The 29-year-old daughter of billionaire Bernie Ecclestone is expecting a baby girl with her businessman partner Jay Rutland.
She adopted the pregnancy pose favoured by every schleb since Demi Moore, with her arm covering her breasts, for a shoot with Hello! magazine.
In the accompanying interview, first-time mum Tamara revealed she prefers to slump in her pyjamas than buy maternity clothes.
She said: "During my pregnancy, it's been my favourite thing to come home at whatever time of day and change into my PJs.
"I haven't bought any maternity clothes - I just wear my stretchy garments or buy the next size up. "I've been lucky because I've not grown that big. All my rings still fit and I can wear my heels."
She said dad Bernie, the F1 supremo, was among the first people to be told a baby was on the way.
She said: "Dad said 'of course, another girl in the family - more handbags'. He loves kids.
"It might sound crazy, but I feel in tune with my baby and talk to her all the time. I know she can hear me, so she'll definitely recognise my voice when she's born."
She added: "I suspected that I might be having a girl because my pregnancy symptoms were exactly the same as my sister Petra's when she was expecting my niece Lavinia.
"When we were told it was a girl, I was very happy. It's my dream that my girl and Lavinia will grow up to be as close as Petra and I are."
She said Petra had been 'amazing', adding: "I don't want her to go home, ever... I used to choose gifts for their cuteness factor for Lavinia because I didn't know what babies need, but Petra's practical and helpful.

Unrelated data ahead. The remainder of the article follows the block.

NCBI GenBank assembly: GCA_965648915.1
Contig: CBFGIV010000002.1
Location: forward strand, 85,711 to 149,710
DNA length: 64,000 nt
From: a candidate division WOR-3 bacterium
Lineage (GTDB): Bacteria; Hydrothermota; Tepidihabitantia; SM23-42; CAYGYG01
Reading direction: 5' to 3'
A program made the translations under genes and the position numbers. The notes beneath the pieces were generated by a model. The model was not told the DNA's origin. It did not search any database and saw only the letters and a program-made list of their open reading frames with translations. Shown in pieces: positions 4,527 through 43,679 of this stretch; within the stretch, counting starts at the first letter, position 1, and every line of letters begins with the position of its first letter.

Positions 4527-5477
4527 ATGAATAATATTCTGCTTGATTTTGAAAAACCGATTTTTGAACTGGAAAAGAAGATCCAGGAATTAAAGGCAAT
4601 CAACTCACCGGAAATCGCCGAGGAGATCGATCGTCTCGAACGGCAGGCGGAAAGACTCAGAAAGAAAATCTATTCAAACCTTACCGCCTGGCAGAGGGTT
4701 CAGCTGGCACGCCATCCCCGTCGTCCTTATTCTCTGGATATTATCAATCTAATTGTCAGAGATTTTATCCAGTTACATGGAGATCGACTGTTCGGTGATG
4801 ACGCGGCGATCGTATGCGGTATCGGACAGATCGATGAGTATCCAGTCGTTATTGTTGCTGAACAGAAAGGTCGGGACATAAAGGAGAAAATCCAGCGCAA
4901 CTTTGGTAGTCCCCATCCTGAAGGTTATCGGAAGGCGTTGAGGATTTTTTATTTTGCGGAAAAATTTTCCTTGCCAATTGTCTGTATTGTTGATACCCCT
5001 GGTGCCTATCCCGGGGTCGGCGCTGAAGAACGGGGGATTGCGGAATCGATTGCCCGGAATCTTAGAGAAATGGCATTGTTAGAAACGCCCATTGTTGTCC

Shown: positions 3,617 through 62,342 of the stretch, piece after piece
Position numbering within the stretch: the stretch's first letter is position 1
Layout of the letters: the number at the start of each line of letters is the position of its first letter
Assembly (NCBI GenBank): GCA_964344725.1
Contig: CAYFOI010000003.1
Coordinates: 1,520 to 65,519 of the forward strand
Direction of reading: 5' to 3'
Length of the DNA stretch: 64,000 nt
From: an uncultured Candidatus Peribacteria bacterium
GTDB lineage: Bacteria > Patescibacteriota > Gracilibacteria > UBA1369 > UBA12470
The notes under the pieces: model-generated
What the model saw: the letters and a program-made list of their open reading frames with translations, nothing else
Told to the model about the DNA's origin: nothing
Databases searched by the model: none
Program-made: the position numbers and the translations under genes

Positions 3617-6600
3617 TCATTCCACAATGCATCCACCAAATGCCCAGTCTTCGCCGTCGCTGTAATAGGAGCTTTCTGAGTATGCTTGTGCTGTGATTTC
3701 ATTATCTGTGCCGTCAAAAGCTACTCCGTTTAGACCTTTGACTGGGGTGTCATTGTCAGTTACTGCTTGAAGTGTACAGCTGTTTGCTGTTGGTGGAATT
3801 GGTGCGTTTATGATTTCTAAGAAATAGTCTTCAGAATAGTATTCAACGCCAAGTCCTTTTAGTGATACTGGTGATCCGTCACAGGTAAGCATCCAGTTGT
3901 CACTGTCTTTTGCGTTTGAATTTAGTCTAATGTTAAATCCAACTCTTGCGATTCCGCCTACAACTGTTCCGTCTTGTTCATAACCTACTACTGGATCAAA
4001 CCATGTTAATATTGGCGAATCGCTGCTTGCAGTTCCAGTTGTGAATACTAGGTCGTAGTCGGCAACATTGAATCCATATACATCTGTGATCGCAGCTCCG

"She also organised my baby shower and sent out these wonderful invitations - gold rattles - in pink boxes."
The revealing shoot comes just days after Tamara complained about the country's 'vicious attitude' towards heiresses like herself.
She told the Evening Standard: "I think there is a vicious attitude towards anyone who has inherited anything. I also think there's a vicious attitude towards people who became successful in an unconventional way - like my dad, who left school without A-levels.
"I do think that [society is unequal]. But I think even if that weren't the case there'd be jealousy and envy. Maybe it's just human nature.
"I don't think it all stems from the economic climate. I think a lot of people have to bring other people down to make themselves feel good - and I think that's sad." Read the full interview in the new issue of Hello!
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